6 Simple Tactics to Build a Thriving Business

“A big business starts small.”

Richard Branson

Every aspiring entrepreneur wants to start and build a thriving business. Happy employees, strong brand image, surging sales, and healthy profit margin: seems like quite a rosy picture, doesn’t it? Yes, anyone can start a business, but this is just the first step in a long journey. 

Building a successful business and then maintaining it is a formidable challenge that requires entrepreneurs to be on their toes all the time. It’s not without a reason that out of 6.5 million businesses launch every year, only some enjoy long-term success.

Fortunately, failure statistics shouldn’t scare you away from realizing your startup dreams. Business success relies on smart planning and decision making. So, the million-dollar question here for those planning to start a new business (or already have) is: what are some things you can do to build a thriving business? 

Before I move on to provide readers with valuable information on some tried-and-tested, powerful strategies to implement to run a successful business, I would like to ask you the following question.  

How do you define a thriving business? 

A thriving business is one that registers healthy profits every year, grows, and expands rather quickly.” This is probably the most common answer I have received from many people when asked about what their definition of a thriving business is. 

While the success of any business is certainly defined by higher revenue and valuation milestones, I don’t consider these as the only factors that contribute to their survival and eventual success. 

As far as I’m concerned, a thriving business is one that goes beyond healthy profit margins and has a significant positive impact on its people, employees, customers, society, community, and/or environment. 

“Profit is like oxygen for a company. If you don’t have enough of it, you’re out of the game. But if you think your business is about generating profits, you’re really missing something.

Peter Drucker (Management Consultant, Educator, Author)

I’m sure many aspiring entrepreneurs would have got the point here. While generating profit is essential to the survival of a business, it’s more about how you positively impact the lives of those connected to your brand in one way or another. 

Let us now move on to the crux of this article: how to build a thriving business. 

Pro Tips to Build a Thriving Business 

1. Define the purpose 

“Research has shown that companies that have a higher purpose beyond just profits or being #1 in the market, actually end up generating more profits in the long run.”

Tony Hseih (CEO, Zappos)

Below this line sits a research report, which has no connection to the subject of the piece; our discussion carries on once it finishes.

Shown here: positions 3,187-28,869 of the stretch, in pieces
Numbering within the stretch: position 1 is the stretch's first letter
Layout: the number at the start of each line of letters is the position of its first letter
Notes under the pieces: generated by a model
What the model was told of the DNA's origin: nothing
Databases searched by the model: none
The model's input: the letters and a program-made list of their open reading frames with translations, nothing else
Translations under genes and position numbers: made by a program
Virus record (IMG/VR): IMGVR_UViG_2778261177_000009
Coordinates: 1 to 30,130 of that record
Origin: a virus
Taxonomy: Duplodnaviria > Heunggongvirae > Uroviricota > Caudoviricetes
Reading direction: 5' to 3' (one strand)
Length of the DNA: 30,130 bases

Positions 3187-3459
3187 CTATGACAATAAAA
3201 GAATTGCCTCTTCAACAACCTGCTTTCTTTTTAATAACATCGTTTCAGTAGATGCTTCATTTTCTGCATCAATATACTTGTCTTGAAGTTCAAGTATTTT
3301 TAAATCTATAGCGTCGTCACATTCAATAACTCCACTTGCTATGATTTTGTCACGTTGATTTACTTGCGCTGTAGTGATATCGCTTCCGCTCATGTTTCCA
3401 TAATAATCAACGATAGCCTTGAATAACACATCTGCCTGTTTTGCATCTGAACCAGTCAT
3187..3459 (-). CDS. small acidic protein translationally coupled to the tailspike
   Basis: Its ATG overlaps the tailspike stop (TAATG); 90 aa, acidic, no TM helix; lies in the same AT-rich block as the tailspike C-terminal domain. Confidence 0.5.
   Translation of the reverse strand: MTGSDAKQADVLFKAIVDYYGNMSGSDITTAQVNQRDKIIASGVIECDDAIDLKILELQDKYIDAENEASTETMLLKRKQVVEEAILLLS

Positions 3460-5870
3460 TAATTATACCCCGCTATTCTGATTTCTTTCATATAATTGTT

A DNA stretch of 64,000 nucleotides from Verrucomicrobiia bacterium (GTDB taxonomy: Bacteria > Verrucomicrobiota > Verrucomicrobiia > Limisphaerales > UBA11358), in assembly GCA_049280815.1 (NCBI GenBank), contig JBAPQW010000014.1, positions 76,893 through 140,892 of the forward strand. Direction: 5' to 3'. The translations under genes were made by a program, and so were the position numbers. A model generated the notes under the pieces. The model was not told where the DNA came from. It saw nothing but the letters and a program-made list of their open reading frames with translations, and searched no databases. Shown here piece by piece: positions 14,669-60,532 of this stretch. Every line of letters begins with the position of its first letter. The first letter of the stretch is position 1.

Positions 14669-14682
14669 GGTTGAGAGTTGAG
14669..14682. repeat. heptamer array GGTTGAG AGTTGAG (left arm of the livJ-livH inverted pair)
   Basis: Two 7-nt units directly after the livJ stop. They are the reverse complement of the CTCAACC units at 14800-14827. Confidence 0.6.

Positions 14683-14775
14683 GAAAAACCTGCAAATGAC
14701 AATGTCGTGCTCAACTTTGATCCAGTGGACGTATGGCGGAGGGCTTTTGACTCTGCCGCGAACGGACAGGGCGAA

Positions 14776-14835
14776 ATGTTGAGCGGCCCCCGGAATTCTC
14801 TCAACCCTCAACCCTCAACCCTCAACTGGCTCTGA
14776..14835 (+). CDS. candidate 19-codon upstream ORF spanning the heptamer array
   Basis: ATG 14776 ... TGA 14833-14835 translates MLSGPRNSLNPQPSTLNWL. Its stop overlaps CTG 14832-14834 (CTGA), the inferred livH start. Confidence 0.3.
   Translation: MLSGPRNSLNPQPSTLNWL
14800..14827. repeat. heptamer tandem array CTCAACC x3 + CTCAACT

What is your main purpose behind starting a business? Your purpose is the reason for your organization coming into existence. Your purpose provides a deeper meaning to keep the ball rolling during unavoidable challenges that spring up when operating a business. 

As mentioned before, the companies that have a wider purpose than only churning out profits end up faring much better in the long term. A company with a purpose doesn’t count itself as an alone entity. Rather, it takes into account the impact of its decisions on people, communities, environment, country, and the world. 

And yes, the purpose need not be as grand as changing the world, but it should be more than you and your business. So sit and jot down WHY you want to do what you plan to do. 

2. Set revenue and profitability targets 

“Revenue is the engine that funds all our innovation. Without revenue, nothing will happen — it will remain a mere idea.”

Larry Page, Google co-founder 

It’s true that for any business to be successful, it has to make an adequate amount of money to sustain its operations and re-invest profit for future growth and expansion. Factor in how much money your business needs to make on a monthly, quarterly, or annual basis to pay off business expenses (sourcing, production, staff, capital, and more) and take home the expected profit after meeting all the expenses. 

Figure out where you are now and where you want to get to. I would suggest creating a monthly revenue goal target rather than setting that big yearly revenue goal. For example, rather than setting a goal of making $100,000 yearly, you can say that you want to be making $10,000 per month. 

After you’ve set your monthly revenue goal, it’s time to create a plan to actually achieve them. You can take a look at your pricing structure to check if your products are priced appropriately. How many units do you need to sell every month to reach your profitability and revenue goals? Have a clear idea of what you need to keep your business running and thriving. 

3. Hire the best people 

“It doesn’t make sense to hire smart people and then tell them what to do; we hire smart people so they can tell us what to do.” 

Steve Jobs

A captain is as successful as the team is. Remember this age-old adage when starting a new business. Your plans and vision will be executed by your employees, and how efficiently they do it is directly proportional to how well (or poorly) your business fares.